befor neonicatinoid ban we would have 25% of the farm in osr all available for nector and no insecticide sprayed in it
just a few mg of seed dressing buried with the seed in august 7 months before it flowers
That is an incredible insight! I would love to discuss this topic further with you! It has certainly been very irrational for the government to suddenly restrict important chemicals for farmers without alternatives. Please email [email protected] if you wish to discuss further on the topic!
 

Boysground

Member
Mixed Farmer
Location
Wiltshire
Haha that would be very funny indeed! I am trying to make precision pesticide spraying at an early stage of pest outbreak possible, so there are no star wars involved in this project!
If you are interested in hearing more about the project, please send an email to [email protected]

I tend to embrace as much technology as i can but I fail to see what improvement a drone could do, especially as we currently dont have any chemicals that can be used for flea beetle the ones that work are not available to us and there is resistance to the rest. Even if there were the beetles migrate, they move over the field so any chemical control has to be on the plant waiting for the insect to eat it. We can all do this cheaply with current technology, I am quite prepared to be told a done system can save the crop but in a field scale situation I find it difficult to see anything being both effective and affordable.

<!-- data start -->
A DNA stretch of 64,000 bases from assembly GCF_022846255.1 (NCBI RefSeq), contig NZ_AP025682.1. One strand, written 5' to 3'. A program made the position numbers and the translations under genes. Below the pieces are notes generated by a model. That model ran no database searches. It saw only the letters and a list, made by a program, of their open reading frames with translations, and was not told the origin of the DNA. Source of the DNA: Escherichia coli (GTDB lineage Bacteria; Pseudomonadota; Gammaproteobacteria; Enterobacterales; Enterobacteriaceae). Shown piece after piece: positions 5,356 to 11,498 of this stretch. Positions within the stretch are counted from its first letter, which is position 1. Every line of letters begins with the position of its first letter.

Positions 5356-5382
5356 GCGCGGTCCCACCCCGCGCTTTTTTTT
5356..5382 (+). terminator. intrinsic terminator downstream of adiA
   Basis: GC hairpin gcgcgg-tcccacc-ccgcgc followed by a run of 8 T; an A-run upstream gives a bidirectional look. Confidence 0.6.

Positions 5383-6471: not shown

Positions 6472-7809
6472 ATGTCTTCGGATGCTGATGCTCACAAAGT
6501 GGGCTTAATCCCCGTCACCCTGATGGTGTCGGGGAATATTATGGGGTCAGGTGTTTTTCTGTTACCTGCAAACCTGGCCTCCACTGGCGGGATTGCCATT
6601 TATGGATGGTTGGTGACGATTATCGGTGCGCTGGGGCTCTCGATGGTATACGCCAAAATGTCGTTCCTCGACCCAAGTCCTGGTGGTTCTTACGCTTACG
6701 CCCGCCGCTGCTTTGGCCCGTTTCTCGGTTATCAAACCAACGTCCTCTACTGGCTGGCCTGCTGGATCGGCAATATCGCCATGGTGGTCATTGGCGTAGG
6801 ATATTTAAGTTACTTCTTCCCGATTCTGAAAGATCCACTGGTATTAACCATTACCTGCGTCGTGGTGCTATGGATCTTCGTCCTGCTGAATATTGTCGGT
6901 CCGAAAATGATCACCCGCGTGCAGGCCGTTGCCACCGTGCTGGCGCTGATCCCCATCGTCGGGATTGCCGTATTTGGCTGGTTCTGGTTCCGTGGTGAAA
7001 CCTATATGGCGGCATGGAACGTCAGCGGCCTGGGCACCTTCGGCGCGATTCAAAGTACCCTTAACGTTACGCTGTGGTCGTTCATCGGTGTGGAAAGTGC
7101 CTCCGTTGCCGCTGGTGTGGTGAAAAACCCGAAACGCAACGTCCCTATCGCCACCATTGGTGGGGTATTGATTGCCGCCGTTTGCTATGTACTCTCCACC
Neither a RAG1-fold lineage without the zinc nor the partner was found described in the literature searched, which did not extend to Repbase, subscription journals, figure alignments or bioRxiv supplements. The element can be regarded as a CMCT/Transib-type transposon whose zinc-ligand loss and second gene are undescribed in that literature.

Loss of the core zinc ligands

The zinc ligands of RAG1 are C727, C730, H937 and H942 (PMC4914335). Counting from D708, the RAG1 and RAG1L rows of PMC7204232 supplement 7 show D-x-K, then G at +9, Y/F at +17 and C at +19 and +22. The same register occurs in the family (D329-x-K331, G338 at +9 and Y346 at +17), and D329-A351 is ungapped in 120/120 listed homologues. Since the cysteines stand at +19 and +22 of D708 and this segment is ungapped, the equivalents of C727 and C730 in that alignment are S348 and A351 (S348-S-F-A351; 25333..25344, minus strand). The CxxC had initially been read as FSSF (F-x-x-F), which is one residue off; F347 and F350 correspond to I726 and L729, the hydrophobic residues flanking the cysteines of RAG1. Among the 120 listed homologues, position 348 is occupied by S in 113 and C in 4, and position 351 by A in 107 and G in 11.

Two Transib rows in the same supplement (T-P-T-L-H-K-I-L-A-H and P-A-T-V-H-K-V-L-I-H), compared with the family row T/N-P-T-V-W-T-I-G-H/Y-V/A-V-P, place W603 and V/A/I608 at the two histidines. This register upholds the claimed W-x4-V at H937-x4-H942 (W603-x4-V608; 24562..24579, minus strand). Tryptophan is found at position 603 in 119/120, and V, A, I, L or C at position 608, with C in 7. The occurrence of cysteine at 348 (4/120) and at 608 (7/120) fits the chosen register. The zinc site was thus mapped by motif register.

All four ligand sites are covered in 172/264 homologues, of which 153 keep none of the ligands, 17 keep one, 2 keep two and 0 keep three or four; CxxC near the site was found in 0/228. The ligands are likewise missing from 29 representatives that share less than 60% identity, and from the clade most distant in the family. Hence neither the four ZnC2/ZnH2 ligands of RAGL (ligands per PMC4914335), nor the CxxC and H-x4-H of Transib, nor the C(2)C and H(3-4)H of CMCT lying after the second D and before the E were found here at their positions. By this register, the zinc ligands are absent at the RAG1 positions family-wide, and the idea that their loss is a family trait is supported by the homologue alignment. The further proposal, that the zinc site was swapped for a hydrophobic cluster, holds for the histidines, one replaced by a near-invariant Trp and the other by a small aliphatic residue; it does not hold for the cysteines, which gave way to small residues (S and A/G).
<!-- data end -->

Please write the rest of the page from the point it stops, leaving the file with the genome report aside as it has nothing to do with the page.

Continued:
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Hi all, I am a student at Imperial University London trying to understand how the banning of bee-harming pesticide has affected your farm and trying to come up with the next generation of the drone-based precision pest control system. It would be amazing if I could have a chat with you about this problem and try to include your input into the project! Please let me know if you are interested in taking part in the project. Meanwhile here is a quick 5 mins survey that you can answer!



You would do well to go and research how the removal/withdrawal of key agrochemicals has drastically impacted the production of flowering crops like oilseed rape, beans, peas and linseed. Then go and figure out how the loss of thousands of acres of these crops has done bees, both wild and domesticated, a hugely bad turn in recent years.

One of the highlights of growing OSR on the estate I worked on was seeing the bee keepers bring their hives during the flowering season and watching bees work the crop. You won't see much OSR around these days, and even fewer beans as well.
 
I tend to embrace as much technology as i can but I fail to see what improvement a drone could do, especially as we currently dont have any chemicals that can be used for flea beetle the ones that work are not available to us and there is resistance to the rest. Even if there were the beetles migrate, they move over the field so any chemical control has to be on the plant waiting for the insect to eat it. We can all do this cheaply with current technology, I am quite prepared to be told a done system can save the crop but in a field scale situation I find it difficult to see anything being both effective and affordable.

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That's fascinating to know! And I love a big challenge!

Thank you for bringing up the problem about the flea beetles. It is exactly like what you said that the current system waits until the beetles to migrate, and that's why the beetles are so damn annoying! Yet an active monitoring system and fast responding drones have the potential to kill them early on! Of course, the technical details are still very much in the working process, and I would love to talk to you more on the subject in the future!